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A Big Idea for Smaller Companies

Large and small firms alike now see the benefits of tracking their assets via radio frequency identification.
By Mark Roberti
Dec 16, 2015

When I launched RFID Journal out of a spare bedroom in my home in 2002, it was with a single mission: to help companies learn to use radio frequency identification technologies to track and manage literally everything. That mission was not limited by industry, geographic region or company size. I knew RFID could help just about all entities needing to identify, locate and better manage their stuff.

For most of the past decade and a half, the interest in RFID has come from large firms that need to track numerous parts bins, jigs, tools, returnable transport items and other assets. But during the past year or two, that's begun to change. I've been getting frequent inquiries from smaller organizations that want to improve the way they track and manage items.

One reason small firms are considering RFID is that they are hearing about successful large deployments, such as those by Kohl's, Macy's, Target and other major retailers. News stories about using RFID to manage apparel and footwear and improve inventory accuracy show that RFID works. Another reason is small companies are always under competitive pressure, and they don't have large numbers of employees to locate and count assets.

As our cover story in this issue shows, the "stuff" small businesses and even nonprofits want to track ranges from watches in a repair shop to beds, computers and lawnmowers at a long-term care facility and files in a law firm (see RFID Asset-Tracking for Small Organizations). The story examines what it takes for small companies to make the most of RFID and the solutions available in the marketplace today.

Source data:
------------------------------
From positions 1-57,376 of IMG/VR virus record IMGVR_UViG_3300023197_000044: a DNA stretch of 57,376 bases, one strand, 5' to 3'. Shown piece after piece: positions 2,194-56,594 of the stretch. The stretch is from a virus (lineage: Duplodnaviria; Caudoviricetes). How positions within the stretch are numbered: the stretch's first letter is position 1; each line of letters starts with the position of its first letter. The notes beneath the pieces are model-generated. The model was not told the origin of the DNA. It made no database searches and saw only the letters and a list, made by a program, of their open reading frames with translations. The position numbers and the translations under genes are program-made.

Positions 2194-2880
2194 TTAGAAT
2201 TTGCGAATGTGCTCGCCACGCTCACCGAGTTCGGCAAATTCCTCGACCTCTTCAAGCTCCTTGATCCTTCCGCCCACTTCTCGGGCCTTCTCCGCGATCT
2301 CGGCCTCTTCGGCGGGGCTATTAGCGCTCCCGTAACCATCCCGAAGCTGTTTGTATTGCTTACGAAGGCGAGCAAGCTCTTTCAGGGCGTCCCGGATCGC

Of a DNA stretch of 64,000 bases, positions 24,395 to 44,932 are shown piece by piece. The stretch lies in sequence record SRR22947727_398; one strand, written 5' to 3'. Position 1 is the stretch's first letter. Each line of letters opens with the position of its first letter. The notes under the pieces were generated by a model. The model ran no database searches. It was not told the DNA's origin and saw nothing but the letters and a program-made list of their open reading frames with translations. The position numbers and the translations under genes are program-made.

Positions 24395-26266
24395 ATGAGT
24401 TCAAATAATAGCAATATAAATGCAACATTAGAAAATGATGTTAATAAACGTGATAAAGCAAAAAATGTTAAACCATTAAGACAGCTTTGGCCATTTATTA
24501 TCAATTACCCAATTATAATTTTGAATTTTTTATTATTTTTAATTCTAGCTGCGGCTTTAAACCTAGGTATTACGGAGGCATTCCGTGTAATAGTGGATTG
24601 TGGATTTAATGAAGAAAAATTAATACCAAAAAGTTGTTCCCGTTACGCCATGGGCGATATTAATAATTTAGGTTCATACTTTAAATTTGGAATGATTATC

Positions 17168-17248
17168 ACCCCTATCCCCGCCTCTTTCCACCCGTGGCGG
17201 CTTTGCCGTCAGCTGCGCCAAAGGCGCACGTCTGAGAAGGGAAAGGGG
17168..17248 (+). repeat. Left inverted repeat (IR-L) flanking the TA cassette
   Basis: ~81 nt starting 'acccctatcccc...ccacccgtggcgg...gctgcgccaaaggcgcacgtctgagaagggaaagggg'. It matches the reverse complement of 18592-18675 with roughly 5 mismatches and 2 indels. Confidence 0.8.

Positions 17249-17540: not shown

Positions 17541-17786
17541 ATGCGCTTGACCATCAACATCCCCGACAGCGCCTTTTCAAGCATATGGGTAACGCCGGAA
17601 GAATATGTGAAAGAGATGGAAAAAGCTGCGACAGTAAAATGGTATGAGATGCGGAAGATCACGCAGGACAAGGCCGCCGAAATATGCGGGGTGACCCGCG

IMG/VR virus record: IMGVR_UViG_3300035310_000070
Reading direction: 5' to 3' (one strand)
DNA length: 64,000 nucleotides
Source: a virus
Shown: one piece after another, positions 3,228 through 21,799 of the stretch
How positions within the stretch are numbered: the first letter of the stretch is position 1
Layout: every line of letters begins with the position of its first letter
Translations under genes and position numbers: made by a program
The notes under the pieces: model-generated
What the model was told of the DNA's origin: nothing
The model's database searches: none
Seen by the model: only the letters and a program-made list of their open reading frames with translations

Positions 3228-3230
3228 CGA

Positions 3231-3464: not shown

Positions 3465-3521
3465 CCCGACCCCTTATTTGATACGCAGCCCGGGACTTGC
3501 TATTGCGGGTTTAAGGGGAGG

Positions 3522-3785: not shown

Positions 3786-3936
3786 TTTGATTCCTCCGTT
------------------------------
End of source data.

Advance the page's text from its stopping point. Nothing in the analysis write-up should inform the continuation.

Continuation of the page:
Dress for Success Worldwide, for example, is a nonprofit that provides women with professional attire and support to help them achieve economic independence. The South Central PA affiliate wanted to improve inventory management at its three locations and in its mobile unit. The organization deployed an RFID solution to improve efficiencies and better serve clients. Now, when donated items are received, they are tagged and the information is entered in a database so inventory can be shared among the nonprofit's sites.

Specialty retailers are also paying attention to those major retailer deployments. Sporting goods and health-and-beauty shops, for example, are adopting RFID to manage seasonal items and reduce theft (see Riding the Tails of Apparel Retailers). At the same time, department stores are expanding their RFID-tagging initiatives to home goods and other nonapparel items.

Thirteen years ago, I didn't think retailers would need to rely on RFID to lure shoppers to their stores. And I didn't imagine the new world of omnichannel retailing that would compel companies to improve inventory accuracy in order to deliver an anytime, anywhere shopping experience to consumers (see Perspective). But it's gratifying to see that large and small firms alike now see the benefits of RFID-tracking their stuff—and that lower costs and improved technologies have made that possible.

Mark Roberti is the founder and editor of RFID Journal. If you would like to comment on this article, click on the link below. To read more of Mark's opinions, visit the RFID Journal Blog, the Editor's Note archive or RFID Connect.

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